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Rouen

Prefecture and commune in Normandy, France / From Wikipedia, the free encyclopedia

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Rouen (UK: /ˈrɒ̃, ˈrɒn/, US: /rˈɒ̃, rˈɒn/;[3][4] French: [ʁwɑ̃] (listen) or [ʁu.ɑ̃])[needs Norman IPA] is a city on the River Seine in northern France. It is the prefecture of the region of Normandy and the department of Seine-Maritime. Formerly one of the largest and most prosperous cities of medieval Europe, the population of the metropolitan area (French: aire d'attraction) is 702,945 (2018).[5] People from Rouen are known as Rouennais.

Quick facts: Rouen, Country, Region, Department, Arrondiss...
Rouen
From left to right, top to bottom: partial view of the city and the Seine from Côte Sainte-Catherine; the courthouse; Place du Vieux-Marché; rue du Gros-Horloge, at night; Rouen Cathedral; the National Museum of Education; sailboats during the 2019 edition of the Armada; the Gustave-Flaubert Bridge.
Location of Rouen
Rouen
Rouen
Coordinates: 49°26′34″N 01°05′19″E
CountryFrance
RegionNormandy
DepartmentSeine-Maritime
ArrondissementRouen
Canton3 cantons
IntercommunalityMétropole Rouen Normandie
Government
  Mayor (20202026) Nicolas Mayer-Rossignol[1] (PS)
Area
1
21.38 km2 (8.25 sq mi)
  Urban
 (2018)
461.1 km2 (178.0 sq mi)
  Metro
 (2018)
2,792.2 km2 (1,078.1 sq mi)
Population
 (Jan. 2019)[2]
112,321
  Rank36th in France
  Density5,300/km2 (14,000/sq mi)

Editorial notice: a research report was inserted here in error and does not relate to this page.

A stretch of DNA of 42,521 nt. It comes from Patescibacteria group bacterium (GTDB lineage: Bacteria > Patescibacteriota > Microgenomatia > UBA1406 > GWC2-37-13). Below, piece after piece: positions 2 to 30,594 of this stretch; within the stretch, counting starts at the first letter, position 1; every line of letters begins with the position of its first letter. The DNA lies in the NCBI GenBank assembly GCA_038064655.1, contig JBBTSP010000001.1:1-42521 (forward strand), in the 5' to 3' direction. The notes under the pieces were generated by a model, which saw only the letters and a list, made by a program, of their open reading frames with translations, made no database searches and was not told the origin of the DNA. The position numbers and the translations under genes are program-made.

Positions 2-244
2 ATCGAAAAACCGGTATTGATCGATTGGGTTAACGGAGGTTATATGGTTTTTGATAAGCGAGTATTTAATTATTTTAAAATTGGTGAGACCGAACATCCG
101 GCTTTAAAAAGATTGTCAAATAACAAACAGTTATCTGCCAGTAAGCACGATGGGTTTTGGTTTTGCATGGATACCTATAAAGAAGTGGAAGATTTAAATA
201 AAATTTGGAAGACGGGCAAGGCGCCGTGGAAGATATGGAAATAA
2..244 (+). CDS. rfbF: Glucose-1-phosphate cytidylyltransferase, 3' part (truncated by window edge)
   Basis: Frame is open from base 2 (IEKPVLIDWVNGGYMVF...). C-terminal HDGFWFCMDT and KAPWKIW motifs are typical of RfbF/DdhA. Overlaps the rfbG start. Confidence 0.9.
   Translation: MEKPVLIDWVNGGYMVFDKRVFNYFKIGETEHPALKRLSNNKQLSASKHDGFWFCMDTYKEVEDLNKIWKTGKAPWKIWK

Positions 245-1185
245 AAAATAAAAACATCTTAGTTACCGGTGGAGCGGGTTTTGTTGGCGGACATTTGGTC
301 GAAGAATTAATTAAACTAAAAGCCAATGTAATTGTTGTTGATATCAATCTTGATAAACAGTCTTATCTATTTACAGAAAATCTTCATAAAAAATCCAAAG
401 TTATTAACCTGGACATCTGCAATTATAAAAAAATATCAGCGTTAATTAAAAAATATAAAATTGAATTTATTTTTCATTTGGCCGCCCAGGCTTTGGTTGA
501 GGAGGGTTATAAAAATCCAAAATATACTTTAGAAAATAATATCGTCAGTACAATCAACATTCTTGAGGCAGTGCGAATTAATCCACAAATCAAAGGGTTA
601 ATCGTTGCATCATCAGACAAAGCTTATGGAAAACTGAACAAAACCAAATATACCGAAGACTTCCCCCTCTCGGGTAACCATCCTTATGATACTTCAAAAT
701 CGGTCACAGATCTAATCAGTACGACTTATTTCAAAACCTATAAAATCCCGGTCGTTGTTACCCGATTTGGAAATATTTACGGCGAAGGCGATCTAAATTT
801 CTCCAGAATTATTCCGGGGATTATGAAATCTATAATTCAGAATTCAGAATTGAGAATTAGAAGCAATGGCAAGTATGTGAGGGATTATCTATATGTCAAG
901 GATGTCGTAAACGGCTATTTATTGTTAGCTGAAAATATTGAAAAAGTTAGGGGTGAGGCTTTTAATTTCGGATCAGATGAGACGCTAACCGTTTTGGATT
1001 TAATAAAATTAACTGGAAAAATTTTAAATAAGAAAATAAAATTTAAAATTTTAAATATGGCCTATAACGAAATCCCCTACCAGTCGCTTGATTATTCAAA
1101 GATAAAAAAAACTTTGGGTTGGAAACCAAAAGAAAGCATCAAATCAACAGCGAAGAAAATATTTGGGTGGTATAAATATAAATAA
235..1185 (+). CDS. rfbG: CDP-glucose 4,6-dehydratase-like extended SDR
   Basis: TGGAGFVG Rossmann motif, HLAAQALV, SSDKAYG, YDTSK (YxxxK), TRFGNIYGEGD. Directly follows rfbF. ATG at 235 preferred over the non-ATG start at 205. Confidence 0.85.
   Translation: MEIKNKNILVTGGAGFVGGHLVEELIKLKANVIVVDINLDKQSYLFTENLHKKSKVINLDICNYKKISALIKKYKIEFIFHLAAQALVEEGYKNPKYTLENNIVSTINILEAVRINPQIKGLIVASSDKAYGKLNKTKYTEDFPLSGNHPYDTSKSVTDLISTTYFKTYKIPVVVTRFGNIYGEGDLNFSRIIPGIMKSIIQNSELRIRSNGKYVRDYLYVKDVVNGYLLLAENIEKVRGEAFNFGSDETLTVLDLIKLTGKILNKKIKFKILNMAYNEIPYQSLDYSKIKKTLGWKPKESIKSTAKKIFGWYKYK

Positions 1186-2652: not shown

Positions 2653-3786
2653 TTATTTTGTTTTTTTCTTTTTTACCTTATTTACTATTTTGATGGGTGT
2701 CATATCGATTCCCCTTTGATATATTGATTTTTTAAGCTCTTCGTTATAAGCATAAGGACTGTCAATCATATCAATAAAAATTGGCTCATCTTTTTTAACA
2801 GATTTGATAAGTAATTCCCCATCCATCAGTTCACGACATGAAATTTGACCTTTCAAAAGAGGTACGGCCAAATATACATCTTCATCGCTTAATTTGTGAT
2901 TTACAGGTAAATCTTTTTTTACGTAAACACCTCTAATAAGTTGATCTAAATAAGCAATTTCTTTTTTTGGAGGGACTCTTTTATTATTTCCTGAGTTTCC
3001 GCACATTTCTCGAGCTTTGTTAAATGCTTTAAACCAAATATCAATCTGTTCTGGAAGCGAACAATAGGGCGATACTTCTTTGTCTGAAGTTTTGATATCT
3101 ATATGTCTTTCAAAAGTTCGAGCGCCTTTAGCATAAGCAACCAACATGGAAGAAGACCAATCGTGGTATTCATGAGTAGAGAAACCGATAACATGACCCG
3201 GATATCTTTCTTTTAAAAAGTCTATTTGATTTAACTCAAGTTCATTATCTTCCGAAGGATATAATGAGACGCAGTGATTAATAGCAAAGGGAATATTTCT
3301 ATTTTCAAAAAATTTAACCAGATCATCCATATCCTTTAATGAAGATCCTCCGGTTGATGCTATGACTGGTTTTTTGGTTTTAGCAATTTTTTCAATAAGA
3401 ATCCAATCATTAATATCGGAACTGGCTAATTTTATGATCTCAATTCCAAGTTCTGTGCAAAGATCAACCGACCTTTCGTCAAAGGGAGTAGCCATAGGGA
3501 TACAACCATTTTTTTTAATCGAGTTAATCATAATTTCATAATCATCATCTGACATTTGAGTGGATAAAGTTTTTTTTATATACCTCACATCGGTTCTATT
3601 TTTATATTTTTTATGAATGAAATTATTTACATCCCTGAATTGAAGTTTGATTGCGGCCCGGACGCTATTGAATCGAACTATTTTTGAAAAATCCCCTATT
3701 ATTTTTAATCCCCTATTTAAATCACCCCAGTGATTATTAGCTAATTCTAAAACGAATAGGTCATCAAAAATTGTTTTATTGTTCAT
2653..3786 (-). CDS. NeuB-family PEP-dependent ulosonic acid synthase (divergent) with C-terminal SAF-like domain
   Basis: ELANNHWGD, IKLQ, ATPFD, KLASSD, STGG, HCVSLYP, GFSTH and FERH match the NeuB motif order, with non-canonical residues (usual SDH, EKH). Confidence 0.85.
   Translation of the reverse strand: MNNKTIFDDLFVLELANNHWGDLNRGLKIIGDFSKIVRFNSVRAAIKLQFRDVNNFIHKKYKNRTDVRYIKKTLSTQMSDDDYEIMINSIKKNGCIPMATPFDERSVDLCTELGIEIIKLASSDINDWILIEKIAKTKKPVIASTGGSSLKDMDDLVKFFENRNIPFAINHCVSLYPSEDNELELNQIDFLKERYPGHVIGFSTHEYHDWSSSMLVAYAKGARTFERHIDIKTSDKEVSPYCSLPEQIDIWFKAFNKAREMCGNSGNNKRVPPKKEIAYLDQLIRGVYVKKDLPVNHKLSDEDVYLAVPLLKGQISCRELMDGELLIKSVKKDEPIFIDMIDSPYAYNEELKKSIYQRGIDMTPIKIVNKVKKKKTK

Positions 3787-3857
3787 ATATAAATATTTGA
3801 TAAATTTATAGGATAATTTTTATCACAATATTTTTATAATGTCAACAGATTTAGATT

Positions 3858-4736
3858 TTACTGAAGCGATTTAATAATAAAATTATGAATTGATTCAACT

Urban
 (2018)
470,369
  Urban density1,000/km2 (2,600/sq mi)
  Metro
 (2018)
702,945
  Metro density250/km2 (650/sq mi)
Time zoneUTC+01:00 (CET)
  Summer (DST)UTC+02:00 (CEST)
INSEE/Postal code
Websitewww.rouen.fr
1 French Land Register data, which excludes lakes, ponds, glaciers > 1 km2 (0.386 sq mi or 247 acres) and river estuaries.
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Rouen was the seat of the Exchequer of Normandy during the Middle Ages. It was one of the capitals of the Anglo-Norman dynasties, which ruled both England and large parts of modern France from the 11th to the 15th centuries. From the 13th century onwards, the city experienced a remarkable economic boom, thanks in particular to the development of textile factories and river trade. Claimed by both the French and the English during the Hundred Years' War, it was on its soil that Joan of Arc was tried and burned alive on 30 May 1431. Severely damaged by the wave of bombing in 1944, it nevertheless regained its economic dynamism in the post-war period thanks to its industrial sites and its large seaport, which today is the fifth largest in France.[citation needed]

Endowed with a prestige established during the medieval era, and with a long architectural heritage in its historical monuments, Rouen is an important cultural capital. Several renowned establishments are located here, such as the Museum of Fine Arts, the Secq des Tournelles museum, and Rouen Cathedral.

Seat of an archdiocese, it also hosts a court of appeal and a university. Every four to six years, Rouen becomes the showcase for a large gathering of sailing ships called "L'Armada"; this event makes the city an occasional capital of the maritime world.